“Holy Fuuurrrrrrrrggggglllll,” She gasped as she began to choke on a tablet and swayed to and fro on her seat trying to dislodge it from her chest. The fish sank and began to wind up for another breech. Síonna and Aithne surged forward away from the danger zone, with Síonna coming up hard from behind with a sharp elbow to Aithne’s back. She dislodged the obstruction and Aithne vomited out the pills into the below, only for more Oarfish to rise and breach. They had ended up right in the middle of the shoal and they never saw them.
“*Hack* *Cough* *Arrrgh* Bollocks, Síonna! Javelins 2, 3 and 4” She signalled her orders just to be sure she was understood and Síonna began arming shots for Aithne to fire. They rose as high as they could without losing the Shoal’s interest. The leviathans snapped at their heels without fail; three, then five, then ten gigantic monsters with more certainly on the way. Glistening azure skin and frilled spines and crests, they were the picture of underwater horror. Where their ancestors were usually less trouble, these ones had developed the strongest of desires for human flesh. They had rendered sharks and whales extinct already before humans could finish the job. The two riders upped the throttle and led the monsters along, trying to space them out so they could start attacking, but the speed and ferociousness was too much. Aithne had been unknowingly dumping blood right on top of them and they were in a fever for food. The bait tasted a little too good for the fisher’s liking. The lot of them began to writhe on top of one another, trying to reach higher for their lunch. And then things got worse…
Síonna spotted them first, and whizzed by Aithne to draw her gaze. Two container ships on the horizon with four escorts. The crew on both were on deck and cheering, watching the two struggle to stay aloft. Pirates no doubt, they had just been given a show for the day and were hanging back and relaxing while their enemies were about to be torn to shreds. Aithne was less than impressed at this, and decided to snag two fish for the day. She grabbed Síonna’s unused bucket of bait and signalled her to hold position and keep the Oarfish busy. She did her best while Aithne veered to the side and began to fly towards the pirates at full speed. A few of them laughed at her pitiful attempt at fighting. An escort pulled up and began to ready its gun.
“Good,” she thought. “These are the thick kind of pirate. C’mon lads, look at me, that’s right.keep those guns trained on me.”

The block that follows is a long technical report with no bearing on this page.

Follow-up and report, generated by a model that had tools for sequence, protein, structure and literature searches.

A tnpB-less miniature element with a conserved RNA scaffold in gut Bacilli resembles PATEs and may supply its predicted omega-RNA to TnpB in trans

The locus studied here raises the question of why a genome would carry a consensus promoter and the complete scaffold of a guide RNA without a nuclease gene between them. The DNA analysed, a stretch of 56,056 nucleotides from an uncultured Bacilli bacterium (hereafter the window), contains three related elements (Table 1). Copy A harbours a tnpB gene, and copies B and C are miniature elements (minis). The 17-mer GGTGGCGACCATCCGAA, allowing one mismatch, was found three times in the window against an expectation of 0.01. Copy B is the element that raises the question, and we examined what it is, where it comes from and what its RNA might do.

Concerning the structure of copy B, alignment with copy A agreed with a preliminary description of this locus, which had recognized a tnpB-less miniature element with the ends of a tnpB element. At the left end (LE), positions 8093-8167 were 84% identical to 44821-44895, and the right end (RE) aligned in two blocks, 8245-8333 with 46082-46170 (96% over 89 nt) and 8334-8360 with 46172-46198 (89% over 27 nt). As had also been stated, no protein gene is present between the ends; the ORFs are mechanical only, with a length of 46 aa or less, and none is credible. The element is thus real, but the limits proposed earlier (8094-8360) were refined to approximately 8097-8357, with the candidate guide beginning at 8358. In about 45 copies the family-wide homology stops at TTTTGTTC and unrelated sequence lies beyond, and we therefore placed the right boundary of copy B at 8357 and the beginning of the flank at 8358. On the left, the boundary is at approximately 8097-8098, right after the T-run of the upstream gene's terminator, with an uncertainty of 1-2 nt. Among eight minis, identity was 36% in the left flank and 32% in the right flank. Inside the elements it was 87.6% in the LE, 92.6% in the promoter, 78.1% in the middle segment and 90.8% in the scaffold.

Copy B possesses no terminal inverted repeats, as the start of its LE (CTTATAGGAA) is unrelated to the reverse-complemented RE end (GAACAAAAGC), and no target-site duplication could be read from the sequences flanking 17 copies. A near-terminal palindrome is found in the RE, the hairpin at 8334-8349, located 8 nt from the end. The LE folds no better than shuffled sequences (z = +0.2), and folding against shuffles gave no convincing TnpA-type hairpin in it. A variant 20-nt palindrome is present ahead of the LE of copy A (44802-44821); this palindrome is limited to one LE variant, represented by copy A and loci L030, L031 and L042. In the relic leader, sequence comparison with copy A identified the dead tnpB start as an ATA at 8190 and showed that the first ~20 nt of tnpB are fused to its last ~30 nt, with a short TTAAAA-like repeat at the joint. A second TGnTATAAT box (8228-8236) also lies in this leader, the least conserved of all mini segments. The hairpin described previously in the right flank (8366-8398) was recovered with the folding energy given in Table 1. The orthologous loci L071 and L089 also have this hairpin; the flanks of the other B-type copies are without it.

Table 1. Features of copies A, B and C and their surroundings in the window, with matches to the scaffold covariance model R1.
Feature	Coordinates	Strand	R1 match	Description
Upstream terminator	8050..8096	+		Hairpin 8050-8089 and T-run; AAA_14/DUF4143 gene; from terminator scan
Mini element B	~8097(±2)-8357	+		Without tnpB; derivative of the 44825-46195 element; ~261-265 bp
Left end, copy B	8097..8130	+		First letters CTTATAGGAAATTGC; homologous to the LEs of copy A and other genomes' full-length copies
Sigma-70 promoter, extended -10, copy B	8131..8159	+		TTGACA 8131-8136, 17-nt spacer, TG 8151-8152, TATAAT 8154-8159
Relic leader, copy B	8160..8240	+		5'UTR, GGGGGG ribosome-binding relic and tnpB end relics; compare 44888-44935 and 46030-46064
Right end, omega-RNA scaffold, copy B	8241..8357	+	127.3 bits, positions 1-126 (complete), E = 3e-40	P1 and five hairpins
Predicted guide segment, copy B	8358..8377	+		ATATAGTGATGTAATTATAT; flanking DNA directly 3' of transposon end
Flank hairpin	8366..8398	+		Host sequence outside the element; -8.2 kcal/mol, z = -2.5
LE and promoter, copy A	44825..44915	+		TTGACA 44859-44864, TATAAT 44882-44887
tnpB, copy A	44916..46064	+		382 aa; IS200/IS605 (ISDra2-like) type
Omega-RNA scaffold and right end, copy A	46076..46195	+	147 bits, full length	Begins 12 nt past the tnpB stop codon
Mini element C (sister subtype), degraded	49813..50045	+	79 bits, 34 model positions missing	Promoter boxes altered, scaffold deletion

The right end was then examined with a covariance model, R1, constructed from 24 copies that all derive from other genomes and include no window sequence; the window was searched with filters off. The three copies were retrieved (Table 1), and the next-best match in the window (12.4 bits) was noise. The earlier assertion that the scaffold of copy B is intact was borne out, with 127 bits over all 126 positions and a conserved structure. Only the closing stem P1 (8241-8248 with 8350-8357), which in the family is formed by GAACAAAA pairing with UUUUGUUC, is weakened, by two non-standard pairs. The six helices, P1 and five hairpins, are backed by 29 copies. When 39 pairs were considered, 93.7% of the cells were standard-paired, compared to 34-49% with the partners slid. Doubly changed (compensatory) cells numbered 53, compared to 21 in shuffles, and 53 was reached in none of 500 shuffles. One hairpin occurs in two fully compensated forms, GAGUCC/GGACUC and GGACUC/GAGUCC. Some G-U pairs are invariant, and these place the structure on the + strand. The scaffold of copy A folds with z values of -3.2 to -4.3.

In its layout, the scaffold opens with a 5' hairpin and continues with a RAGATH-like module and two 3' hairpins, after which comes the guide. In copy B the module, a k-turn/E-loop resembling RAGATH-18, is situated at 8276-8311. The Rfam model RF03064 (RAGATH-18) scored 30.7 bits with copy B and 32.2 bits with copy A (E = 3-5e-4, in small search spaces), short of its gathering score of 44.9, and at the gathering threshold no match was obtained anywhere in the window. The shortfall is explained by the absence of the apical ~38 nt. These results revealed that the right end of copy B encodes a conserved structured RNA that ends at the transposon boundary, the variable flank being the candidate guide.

A well placed drop would do the job; anywhere in front of the nearest escort would probably suffice. She continued to hurtle towards it as anti-air shells began to explode in front of her. None were a direct hit yet but the odds were shifting the more she stayed high. A nerve shredding few seconds later and she was within range. She hunched down as low as she could and flicked the switch. A bubble of energy enveloped her in an air pocket. The Caladbolg was doings its job swimmingly so to speak. She dove down right under the escort. Looking around, her heart skipped when she saw dozens more Oarfish slumbering just below. They evidently had left their kin fight over the chum and had not noticed the buffet just above their heads. Aithne shoved the bucket out of the air pocket, bursting it and diffusing the bloody remains with the water. Below, bioluminescent eyes shone like lanterns and trained on the shadows on the surface. Aithne skipped out of the water again, now behind the first container ship. Bonne Chance was emblazoned on its side along with graffiti in Bethú script; The men aboard were hollering and pointing at her to the escort below them. A flak gun trained on AIthne, maybe slightly off target, and fired.
A beast rose form below and took the full hit in Aithne’s place. Blood spurted from where the shell hit and caked Aithne and the Bonne Chance’s hull. The headless corpse flopped back into the water, and of course the whole Oarfish Shoal was aware of the ruckus now. Aithne spat the blood from her lips and rose higher still as the pirates had reeled in surprise from the serpent rising out of nowhere. Another one breached and dove straight through the flimsy little escort ship, sinking it near instantly. Blood attracted more blood as all the gang got in on the action. Now they were ignoring Aithne and everyone was fighting for their lives.
Aithne rejoined Síonna and their mission began in earnest. Five Javelins were ready to go, Síonna pulled through under pressure and kept loading even when being chased. Aithne grabbed two and dove down. She flew alongside Oarfish that were still on the surface and pricked their skin with the Javelin. In the frenzy none of them felt the initial spear, but after a few seconds each exploded in a viscous shower of disgusting fluids. Switching to using the launchers properly, Aithne took aim and fired rockets into any open mouths she could see. The dim-witted creatures ate up the projectiles with glee before, yet again, explosions. Fifteen Oarfish were down and many more were to go. The pirate fleet had fared poorly in their first altercation but were now gaining some ground. They laid depths charges, jettisoned unwanted containers and fired indiscriminately below the surface. Attrition brought tehir numbers down until just two escorts and a container ship remained. The other was good until several fish jumped aboard and thrashed about causing chaos and crashing into every person and instrument in sight. One managed to burrow its way into the lower holds, its great weight breaking any weak floors it ended upon. The confused creature went on to help topple the boat as weight distribution was out of control: All hands were lost.